Promotion of discounted alcohol beverages 

Of all supermarket products, alcohol is the most sensitive to price promotion

Discounting is a common strategy used to encourage alcohol sales, particularly within off-licences but also in bars and restaurants through the use of ‘happy hours’ etc.

In New Zealand, the majority (55%) of drinkers purchased their alcohol when sold on promotion (cited in the 2014 Ministry of Justice Report).

Supermarkets are more reliant on promotions to drive sales when compared to specialist liquor stores (e.g. bottle stores). In supermarkets, almost 6 in every 10 dollars spent on all items (including alcohol and groceries) in 2018 were sold on promotion, compared to 2 in every 10 dollars spent in liquor stores. In the year ending March 31 2018, 71% and 70% of dollars spent in supermarkets on beer and wine sales respectively, were for products on promotion. This compares to 23% and 31% in liquor stores.

Off all items in supermarkets, sales of alcohol have been shown to be the most sensitive to price promotion, particularly  cask wine and beer followed by bottled wine. Simply put, shoppers are very responsive to discounted alcohol.  Compared to alcohol sold in supermarkets, individual grocery items (e.g. coffee, toilet paper, confectionery) are less sensitive to promotion in price. 

Price-based promotions are the key types of promotion activities for alcohol products

A study of 24 off-licences in Perth and Sydney found that there were 427 unique forms of promotion used across the alcohol outlets. The study found:

  • Price-based promotions (including but not limited to discounts) represented 61% of all the types of promotion activities;
  • Supermarkets had a higher number of price promotions compared to liquor chain stores;
  • The most common form of price promotion was offering multiple items for a discounted price; and
  • Wine had the highest number of price promotions, followed by spirits, beer and RTDs.

Effects of price promotions of alcohol in point-of-sale

A US study found that alcohol products in larger-volume packages (e.g., 12-pack) were more likely to be promoted than smaller packages (e.g., 6-pack). This finding has significant implications for reducing the harm from heavy episodic drinking.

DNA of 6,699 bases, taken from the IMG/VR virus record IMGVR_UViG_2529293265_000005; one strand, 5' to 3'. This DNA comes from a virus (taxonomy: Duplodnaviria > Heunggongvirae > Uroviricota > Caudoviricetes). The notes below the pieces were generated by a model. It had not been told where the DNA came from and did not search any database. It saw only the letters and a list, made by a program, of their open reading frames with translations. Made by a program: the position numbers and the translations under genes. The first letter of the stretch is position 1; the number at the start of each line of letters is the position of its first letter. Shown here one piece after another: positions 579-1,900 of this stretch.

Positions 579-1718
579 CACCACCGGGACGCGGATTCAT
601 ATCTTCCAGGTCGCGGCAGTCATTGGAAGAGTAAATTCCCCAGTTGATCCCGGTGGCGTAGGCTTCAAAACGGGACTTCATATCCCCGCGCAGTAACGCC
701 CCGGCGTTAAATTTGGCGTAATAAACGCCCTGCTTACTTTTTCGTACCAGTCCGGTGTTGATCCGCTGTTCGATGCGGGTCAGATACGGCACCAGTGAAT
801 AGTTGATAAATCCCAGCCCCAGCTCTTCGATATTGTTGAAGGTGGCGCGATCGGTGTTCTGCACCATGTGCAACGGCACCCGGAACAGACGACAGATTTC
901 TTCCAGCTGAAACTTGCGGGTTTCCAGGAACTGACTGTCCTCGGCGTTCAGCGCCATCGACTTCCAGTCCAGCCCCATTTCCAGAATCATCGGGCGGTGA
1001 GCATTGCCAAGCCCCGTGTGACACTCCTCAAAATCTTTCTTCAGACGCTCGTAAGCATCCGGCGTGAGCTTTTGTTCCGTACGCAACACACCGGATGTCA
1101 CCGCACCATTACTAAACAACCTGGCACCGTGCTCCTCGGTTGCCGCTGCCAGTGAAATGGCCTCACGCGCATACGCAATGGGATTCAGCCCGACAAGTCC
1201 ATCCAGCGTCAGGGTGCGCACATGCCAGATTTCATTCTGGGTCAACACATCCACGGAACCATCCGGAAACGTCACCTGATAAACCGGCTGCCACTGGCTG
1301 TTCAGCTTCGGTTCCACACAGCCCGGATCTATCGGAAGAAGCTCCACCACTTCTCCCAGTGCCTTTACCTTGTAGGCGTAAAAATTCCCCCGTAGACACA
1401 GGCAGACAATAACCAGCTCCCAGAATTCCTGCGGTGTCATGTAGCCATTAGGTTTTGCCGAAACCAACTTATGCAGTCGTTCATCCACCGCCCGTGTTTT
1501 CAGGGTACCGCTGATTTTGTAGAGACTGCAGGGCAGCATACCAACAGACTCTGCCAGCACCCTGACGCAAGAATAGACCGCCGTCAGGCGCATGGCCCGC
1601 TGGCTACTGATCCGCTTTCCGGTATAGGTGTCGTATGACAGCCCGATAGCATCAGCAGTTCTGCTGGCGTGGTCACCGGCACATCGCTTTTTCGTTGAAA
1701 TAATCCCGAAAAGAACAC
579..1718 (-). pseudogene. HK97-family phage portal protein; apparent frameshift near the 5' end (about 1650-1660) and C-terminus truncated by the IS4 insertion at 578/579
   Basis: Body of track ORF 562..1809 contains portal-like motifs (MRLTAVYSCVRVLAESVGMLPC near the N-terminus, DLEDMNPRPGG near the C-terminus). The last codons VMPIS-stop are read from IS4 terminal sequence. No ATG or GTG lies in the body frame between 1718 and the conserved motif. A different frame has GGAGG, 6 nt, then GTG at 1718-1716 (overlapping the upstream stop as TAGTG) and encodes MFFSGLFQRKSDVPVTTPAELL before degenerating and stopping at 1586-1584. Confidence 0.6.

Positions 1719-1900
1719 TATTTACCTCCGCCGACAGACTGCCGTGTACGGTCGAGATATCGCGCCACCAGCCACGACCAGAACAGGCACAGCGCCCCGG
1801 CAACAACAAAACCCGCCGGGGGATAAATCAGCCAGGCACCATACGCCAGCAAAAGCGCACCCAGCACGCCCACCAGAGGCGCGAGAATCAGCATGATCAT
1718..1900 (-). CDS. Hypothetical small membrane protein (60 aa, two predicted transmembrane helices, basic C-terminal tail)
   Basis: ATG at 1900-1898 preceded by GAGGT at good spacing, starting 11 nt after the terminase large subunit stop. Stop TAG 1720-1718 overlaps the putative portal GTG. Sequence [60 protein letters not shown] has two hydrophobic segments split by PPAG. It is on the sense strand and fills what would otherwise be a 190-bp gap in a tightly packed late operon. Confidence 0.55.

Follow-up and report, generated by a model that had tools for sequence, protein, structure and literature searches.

An Australian study found that drinkers who participated in point-of-sale promotions report purchasing a greater quantity of alcohol than those who did not participate. This is particularly evident for beer purchases (average of 26.8 standard drinks vs 16.4), followed by RTDs (11.5 standard drinks vs 8.9) and wine (16.1 standard drinks vs. 13.8). Young drinkers were found to use descriptors such as ‘Price’ and ‘Cheap’ as the main reason that they purchased wine.

Another study also found that young people are very aware of in-store sale promotions in order to maximise their alcohol purchases within their budgets. Cheap alcohol may also facilitate social get-togethers, that would not have occurred otherwise.

NZ laws on the discounting of alcohol

New Zealand law stipulates that any person commits an offence if they advertise discounts of 25% or more, where the advertisement can be seen or heard from outside of a licensed premise. Discounts of 25% of more are permitted inside a licensed premise or in an off-licence price catalogue. It is important to note that it is only the advertising, not the offer of the discount, that is prohibited. In other words, heavy discounting activities (e.g., 60% discounts) inside supermarkets (and other premises) continue to be seen in New Zealand, especially during the Christmas and New Year holiday period.